Shutter Interface

Paul Sharits American

Not on view

A seminal figure in American avant-garde film Paul Sharits, who in the 1960s and 1970s along with a group of other filmmakers, became exponents of what critics P. Adams Sitney and Annette Michelson referred to as "structural film." Structural film was a film movement that was invested more in the technical basis and material components of film, rather than in narrative content and storytelling. Trained as a graphic artist and painter, Sharits became known for his 16 mm films that experimented with flicker and its perceptual impact and subsequently moved into immersive, spectacular film installations.

The artist stated in 1967, "I wish to abandon imitation and illusion and enter directly into the higher drama of: celluloid, two-dimensional strips; individual rectangular frames; the nature of sprockets and emulsion; projector operations; the three-dimensional light beam; environmental illumination; the two-dimensional reflective screen surface; the retinal screen, optic nerve and individual psycho-physical subjectivities of consciousness."

Sharits began making his film installations or "locational film pieces" in 1971. Shutter Interface, his fifth such environment completed in 1975, is comprised of four 16 mm projectors that are placed alongside each other with four soundtracks that run along the filmstrip played on a continuous loop emanating from four speakers. Each of the projectors project a single 6-minute 16 mm film of differing lengths onto a long black wall. Each film is comprised solely of sequences of pure, identical color varying between two to eight frames. The color frames are broken up by a single black frame, which introduces a persistent irregular pulsation into the field of vision. The plinths are positioned in such a way that a third of the projection overlaps with its neighboring loop. What is then seen on the wall are seven pulsating strips of color which are in flux, merging to create paler mixed hues and complicated patterns that seem to extend themselves endlessly. The installation casts a hypnotic and trancelike effect with its flickering and pulsating fields of color. The projected image invokes the CinemaScope format, but the foregrounded presence of the projectors dismantles that total enveloping cinematic illusion.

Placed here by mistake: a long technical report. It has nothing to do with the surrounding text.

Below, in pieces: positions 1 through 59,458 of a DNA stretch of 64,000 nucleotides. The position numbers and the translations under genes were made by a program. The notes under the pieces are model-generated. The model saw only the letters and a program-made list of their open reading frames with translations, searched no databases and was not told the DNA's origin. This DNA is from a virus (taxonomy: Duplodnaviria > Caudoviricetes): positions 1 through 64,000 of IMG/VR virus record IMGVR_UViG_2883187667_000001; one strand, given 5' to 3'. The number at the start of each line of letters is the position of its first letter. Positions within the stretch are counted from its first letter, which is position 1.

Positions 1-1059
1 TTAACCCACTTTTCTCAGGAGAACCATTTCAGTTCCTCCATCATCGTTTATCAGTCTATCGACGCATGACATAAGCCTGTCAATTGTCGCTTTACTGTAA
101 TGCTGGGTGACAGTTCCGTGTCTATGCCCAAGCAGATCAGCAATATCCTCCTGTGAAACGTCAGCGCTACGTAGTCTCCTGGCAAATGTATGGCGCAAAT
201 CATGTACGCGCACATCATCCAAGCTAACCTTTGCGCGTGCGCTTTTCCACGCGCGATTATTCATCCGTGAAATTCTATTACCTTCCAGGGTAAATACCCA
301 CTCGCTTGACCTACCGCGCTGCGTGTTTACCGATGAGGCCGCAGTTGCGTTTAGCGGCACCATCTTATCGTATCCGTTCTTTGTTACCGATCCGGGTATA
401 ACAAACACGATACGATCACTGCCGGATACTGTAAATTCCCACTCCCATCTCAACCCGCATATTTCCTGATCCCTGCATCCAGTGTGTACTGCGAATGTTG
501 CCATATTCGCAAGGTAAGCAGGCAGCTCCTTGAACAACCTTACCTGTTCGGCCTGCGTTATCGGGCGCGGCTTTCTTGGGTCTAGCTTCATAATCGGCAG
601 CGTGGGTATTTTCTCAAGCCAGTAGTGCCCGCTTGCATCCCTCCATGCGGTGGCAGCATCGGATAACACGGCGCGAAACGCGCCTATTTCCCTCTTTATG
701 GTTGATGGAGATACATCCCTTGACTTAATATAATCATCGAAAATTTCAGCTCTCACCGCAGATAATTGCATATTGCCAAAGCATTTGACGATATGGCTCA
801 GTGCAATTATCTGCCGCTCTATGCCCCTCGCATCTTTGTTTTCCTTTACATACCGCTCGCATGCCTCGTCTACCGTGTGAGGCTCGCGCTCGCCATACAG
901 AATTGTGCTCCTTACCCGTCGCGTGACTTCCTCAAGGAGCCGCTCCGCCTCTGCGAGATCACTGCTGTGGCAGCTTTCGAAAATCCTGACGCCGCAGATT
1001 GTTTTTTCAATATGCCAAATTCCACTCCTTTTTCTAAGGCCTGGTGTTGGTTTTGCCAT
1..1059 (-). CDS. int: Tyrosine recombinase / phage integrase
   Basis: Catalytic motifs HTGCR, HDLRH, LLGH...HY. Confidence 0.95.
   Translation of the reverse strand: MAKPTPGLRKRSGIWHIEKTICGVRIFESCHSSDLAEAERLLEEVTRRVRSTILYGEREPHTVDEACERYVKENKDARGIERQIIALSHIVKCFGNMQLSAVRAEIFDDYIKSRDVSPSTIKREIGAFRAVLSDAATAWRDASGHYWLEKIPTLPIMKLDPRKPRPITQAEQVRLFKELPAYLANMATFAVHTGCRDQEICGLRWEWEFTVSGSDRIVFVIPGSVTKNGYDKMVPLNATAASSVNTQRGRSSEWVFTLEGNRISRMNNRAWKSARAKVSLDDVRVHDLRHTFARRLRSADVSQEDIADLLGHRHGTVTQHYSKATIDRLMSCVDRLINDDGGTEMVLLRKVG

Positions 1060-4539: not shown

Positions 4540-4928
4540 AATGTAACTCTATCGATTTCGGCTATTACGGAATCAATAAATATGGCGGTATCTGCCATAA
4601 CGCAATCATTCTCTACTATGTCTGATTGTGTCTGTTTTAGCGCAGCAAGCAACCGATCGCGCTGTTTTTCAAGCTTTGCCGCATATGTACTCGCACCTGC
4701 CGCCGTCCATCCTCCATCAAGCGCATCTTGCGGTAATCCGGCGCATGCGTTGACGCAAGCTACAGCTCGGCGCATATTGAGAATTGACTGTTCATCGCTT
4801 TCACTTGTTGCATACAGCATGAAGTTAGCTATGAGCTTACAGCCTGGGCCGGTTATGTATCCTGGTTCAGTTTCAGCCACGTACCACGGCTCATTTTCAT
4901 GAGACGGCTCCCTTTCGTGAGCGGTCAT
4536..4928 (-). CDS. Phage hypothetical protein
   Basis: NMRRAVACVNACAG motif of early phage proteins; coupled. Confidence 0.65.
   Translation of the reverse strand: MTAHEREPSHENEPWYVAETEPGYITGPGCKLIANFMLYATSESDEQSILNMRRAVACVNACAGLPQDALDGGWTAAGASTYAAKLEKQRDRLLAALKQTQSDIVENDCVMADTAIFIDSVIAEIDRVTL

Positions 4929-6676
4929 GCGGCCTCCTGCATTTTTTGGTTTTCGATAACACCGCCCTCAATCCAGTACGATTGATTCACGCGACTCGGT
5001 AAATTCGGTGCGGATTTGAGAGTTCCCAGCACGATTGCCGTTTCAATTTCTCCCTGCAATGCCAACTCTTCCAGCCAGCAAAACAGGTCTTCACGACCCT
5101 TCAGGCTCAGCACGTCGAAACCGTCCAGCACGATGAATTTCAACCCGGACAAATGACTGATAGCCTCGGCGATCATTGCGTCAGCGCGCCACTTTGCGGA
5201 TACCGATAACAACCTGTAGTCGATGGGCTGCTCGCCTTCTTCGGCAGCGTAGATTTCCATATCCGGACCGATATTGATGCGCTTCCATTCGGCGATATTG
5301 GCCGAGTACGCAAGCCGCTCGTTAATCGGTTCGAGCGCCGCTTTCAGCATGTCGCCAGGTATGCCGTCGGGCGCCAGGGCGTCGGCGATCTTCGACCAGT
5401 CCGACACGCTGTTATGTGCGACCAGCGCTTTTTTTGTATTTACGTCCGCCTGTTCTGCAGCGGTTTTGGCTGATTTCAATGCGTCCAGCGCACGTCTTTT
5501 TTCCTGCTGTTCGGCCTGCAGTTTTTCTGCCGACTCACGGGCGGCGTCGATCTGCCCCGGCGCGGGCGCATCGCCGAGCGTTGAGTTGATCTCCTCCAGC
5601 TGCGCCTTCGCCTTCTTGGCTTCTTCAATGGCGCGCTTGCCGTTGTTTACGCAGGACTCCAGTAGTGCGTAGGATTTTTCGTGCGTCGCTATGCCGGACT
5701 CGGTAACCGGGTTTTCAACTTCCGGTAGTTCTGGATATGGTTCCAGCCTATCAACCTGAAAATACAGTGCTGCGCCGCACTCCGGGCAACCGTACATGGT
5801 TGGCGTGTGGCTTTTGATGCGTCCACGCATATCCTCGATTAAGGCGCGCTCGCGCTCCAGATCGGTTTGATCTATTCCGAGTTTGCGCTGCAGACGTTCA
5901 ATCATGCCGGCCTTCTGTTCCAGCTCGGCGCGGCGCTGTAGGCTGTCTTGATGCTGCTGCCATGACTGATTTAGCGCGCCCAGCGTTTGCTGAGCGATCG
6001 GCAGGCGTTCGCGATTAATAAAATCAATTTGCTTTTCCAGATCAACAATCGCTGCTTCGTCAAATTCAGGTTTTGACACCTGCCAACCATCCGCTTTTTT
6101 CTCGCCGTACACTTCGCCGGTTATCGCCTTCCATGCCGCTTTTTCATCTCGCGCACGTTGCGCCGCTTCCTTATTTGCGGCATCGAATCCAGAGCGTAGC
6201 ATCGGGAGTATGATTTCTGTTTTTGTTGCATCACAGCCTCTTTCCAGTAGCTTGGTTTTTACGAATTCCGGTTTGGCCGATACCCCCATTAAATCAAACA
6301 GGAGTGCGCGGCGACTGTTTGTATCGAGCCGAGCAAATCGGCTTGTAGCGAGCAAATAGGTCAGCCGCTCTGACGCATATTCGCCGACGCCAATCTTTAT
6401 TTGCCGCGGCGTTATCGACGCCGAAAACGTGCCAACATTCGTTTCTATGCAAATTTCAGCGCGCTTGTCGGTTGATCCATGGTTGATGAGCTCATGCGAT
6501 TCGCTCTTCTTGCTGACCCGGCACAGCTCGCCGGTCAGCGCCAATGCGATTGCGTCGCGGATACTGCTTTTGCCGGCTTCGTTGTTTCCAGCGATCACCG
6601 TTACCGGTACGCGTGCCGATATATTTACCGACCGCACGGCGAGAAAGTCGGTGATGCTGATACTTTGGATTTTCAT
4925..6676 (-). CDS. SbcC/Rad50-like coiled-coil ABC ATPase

By relocating film from the cinema to the gallery or the museum, Sharits believed that these film installations were a way to bring work so intently focused on the cinematic apparatus to a non-specialist audience and generate an experience from it. The placement of a projector, now a more common place occurrence in contemporary galleries and art spaces, at the time was regarded as radical. With Shutter Interface and his other "locational film pieces," Sharits demanded of his audience to rethink an experience of cinema and to factor and consider the mechanisms of cinema. The works are also incredibly significant for their exploration of the relationship between color, material, and human perception.

Shutter Interface, Paul Sharits (American, Denver, Colorado 1943–1993 Buffalo, New York), Four-channel 16mm film, color, sound

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